First piling driven in Rodanthe for the N.C. 12 Jug Handle Bridge

By on September 8, 2018

Computer simulation of how the bridge will look. (NCDOT)

The first piling has been driven into the ground in Rodanthe for the 2.4-mile Jug Handle Bridge that will eventually reroute N.C. 12 around an area that has been repeatedly washed out.

NCDOT Public Relations Officer Tim Haas confirmed construction crews began driving the first trestle pile around midday Thursday for the land-based portions of the bridge before continuing out into the open water. Based on the current schedule, the bridge is expected to open to traffic by late 2020.

The Jug Handle Bridge will stretch from the southern portion of the Pea Island National Wildlife Refuge to northern Rodanthe and will bypass the S-Turns section of N.C. Highway 12, which is highly susceptible to breaches during storms.

The bridge earned its “jug handle” moniker from its distinctive shape that juts out into the Pamlico Sound before reconnecting with N.C. 12 north of Rodanthe.

This design — which is also referred to as the preferred alternative — minimizes the impact to the Pea Island National Wildlife Refuge, the ocean shoreline and the community of Rodanthe while maintaining safe and reliable access, according to NCDOT.

NCDOT will also build a one-lane roundabout, as opposed to a traditional “T” type intersection at the end of the existing N.C. 12, and by the relocated N.C. 12 near the Pea Island National Wildlife Refuge. The concept was developed to provide a safer intersection with less potential conflict points — areas where drivers are crossing, merging or leaving a road.

Traffic will be maintained on N.C. 12 while the new bridge is being built, and once construction is complete, the existing roadway in the refuge will be removed, while the existing section of N.C 12 in Rodanthe will remain open to provide access to private properties.

The Jug Handle Bridge – along with the Captain Richard Etheridge Bridge on Pea Island, which was completed in the spring of 2018 – is considered part of Phase II of the Bonner Bridge Replacement Project.

The Island Free Press contributed to this report.


  • surf123

    I was on my bike on Thursday afternoon and it is a very loud operation. It can be heard from Lisa’s Pizza northward. Residents and renters north of Lisa’s, especially anyone in the vicinity of Island Convenience are in for a loud winter, spring and summer. Anyone renting houses in those areas should regroup for a more southerly house.

    Saturday, Sep 8 @ 10:43 pm
  • Steve

    The beginning of the end of Pea Island access. Such a shame and a sham.

    Sunday, Sep 9 @ 5:36 am
  • Willy c

    They should call it the jug head bridge because it took a bunch of jug heads to design it

    Sunday, Sep 9 @ 5:59 am
  • Noah

    You are going to need a hump for the new inlet

    Sunday, Sep 9 @ 10:33 am
  • Arthur Pewty

    I hope they finally put that concrete plant on the old Dare Building site in to full time operation. That would be sweet.

    Sunday, Sep 9 @ 6:23 pm
  • charlie

    Hmmm? Channels and dredging have been fought because they will impact the grasses on the sound bottom. But it is OK to drive the pilings and do the same thing? I guess it depends on where you sit on the environmental spectrum.

    Monday, Sep 10 @ 5:21 am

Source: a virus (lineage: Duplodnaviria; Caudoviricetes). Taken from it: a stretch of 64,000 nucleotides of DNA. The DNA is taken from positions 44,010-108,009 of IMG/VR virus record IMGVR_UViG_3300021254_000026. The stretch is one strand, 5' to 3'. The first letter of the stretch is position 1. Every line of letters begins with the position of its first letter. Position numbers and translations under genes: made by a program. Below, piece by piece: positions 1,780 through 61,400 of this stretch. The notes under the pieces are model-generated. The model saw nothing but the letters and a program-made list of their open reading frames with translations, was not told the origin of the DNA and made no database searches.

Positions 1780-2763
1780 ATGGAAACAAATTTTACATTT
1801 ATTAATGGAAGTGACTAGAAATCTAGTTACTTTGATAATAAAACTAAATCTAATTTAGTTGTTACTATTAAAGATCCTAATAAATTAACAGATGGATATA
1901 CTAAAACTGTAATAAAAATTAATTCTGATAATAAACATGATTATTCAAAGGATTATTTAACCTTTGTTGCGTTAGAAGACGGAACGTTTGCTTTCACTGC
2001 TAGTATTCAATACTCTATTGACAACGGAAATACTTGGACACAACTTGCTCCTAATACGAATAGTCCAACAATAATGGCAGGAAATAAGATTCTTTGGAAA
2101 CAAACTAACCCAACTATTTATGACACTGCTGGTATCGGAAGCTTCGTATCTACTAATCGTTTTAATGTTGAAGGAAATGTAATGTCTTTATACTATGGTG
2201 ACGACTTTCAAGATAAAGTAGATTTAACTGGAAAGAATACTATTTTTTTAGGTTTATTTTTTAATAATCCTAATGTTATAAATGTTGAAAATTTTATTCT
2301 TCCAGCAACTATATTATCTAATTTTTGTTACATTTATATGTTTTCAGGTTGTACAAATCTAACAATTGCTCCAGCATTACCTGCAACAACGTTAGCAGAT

• Paul

    What a shame… they need to leave the road for Pea Island Access. It’s beautiful there.
    With the new bridge and the deconstruction of the road, are they going to cut an inlet or something? It seems like theres more to this than they are letting on….

    Monday, Sep 10 @ 8:41 am
  • Dave M.

    It is very apparent that the residents of the OBX were ignored when it came to this bridge project. The north end of jug handle looks like it is
    In a very fragile location. It would not surprise me if that area washed out at some point. I really see no reason at all for removing the roadway north of Rodanthe.
    My house is on Corbina Dr W. I heard the pile driver in operation and it was not that annoying or loud from there.
    The needs and wants of residents of the OBX are largely ignored in favor of birds, turtles and now sea grass. Sad state of affairs.

    Wednesday, Sep 12 @ 8:18 am
  • Adria

    Willy, that is the perfect name! Thanks to beach nourishment, the S-Curves portion of 12 is intact and clear through the storms surrounding Florence so far. Other sections of 12, south of where the jug head bridge will make landfall, are washed out and flooded. I guess there will be clear access or Rodanthe to Nags Head?

    It also looks like the bridge will be so close to the water (basically like an elevated roadway) that it will block boaters from accessing the Pea Island area from the Sound (I am sure this is the intent). Likewise, access to the Sound beyond the bridge will be blocked from residences in Rodanthe and Mirlo… It does not appear a kayak could fit underneath.

    Saturdays are going to be worse than ever. The bridge is 2 lanes and curved, so there will likely be no passing on the bridge. If there is an accident? Then there is a single lane roundabout that cannot be any larger or it impacts wetlands. While I am sure there are very skilled truck drivers, the best of them will not be taking the round about at greater than 15 MPH and what about all the vacationers in their rarely-driven buses, campers and 5th wheels? Since this jug head bridge is directly in front of my house on Pappy Lane, I plan to spend my Saturdays watching the traffic pile up.

    The pyle driving noise was incredible. From as far as Corbina the sound was recorded at over 100 decibels. OSHA limits workplace noise to 90 decibels. Our neighbor has a baby that could not nap… I feel horrible for the residents and all of the families that have saved up money for years to take vacations in the Rodanthe area. They are going to be very disappointed.

    Shame on NCDOT

    Friday, Sep 14 @ 9:03 am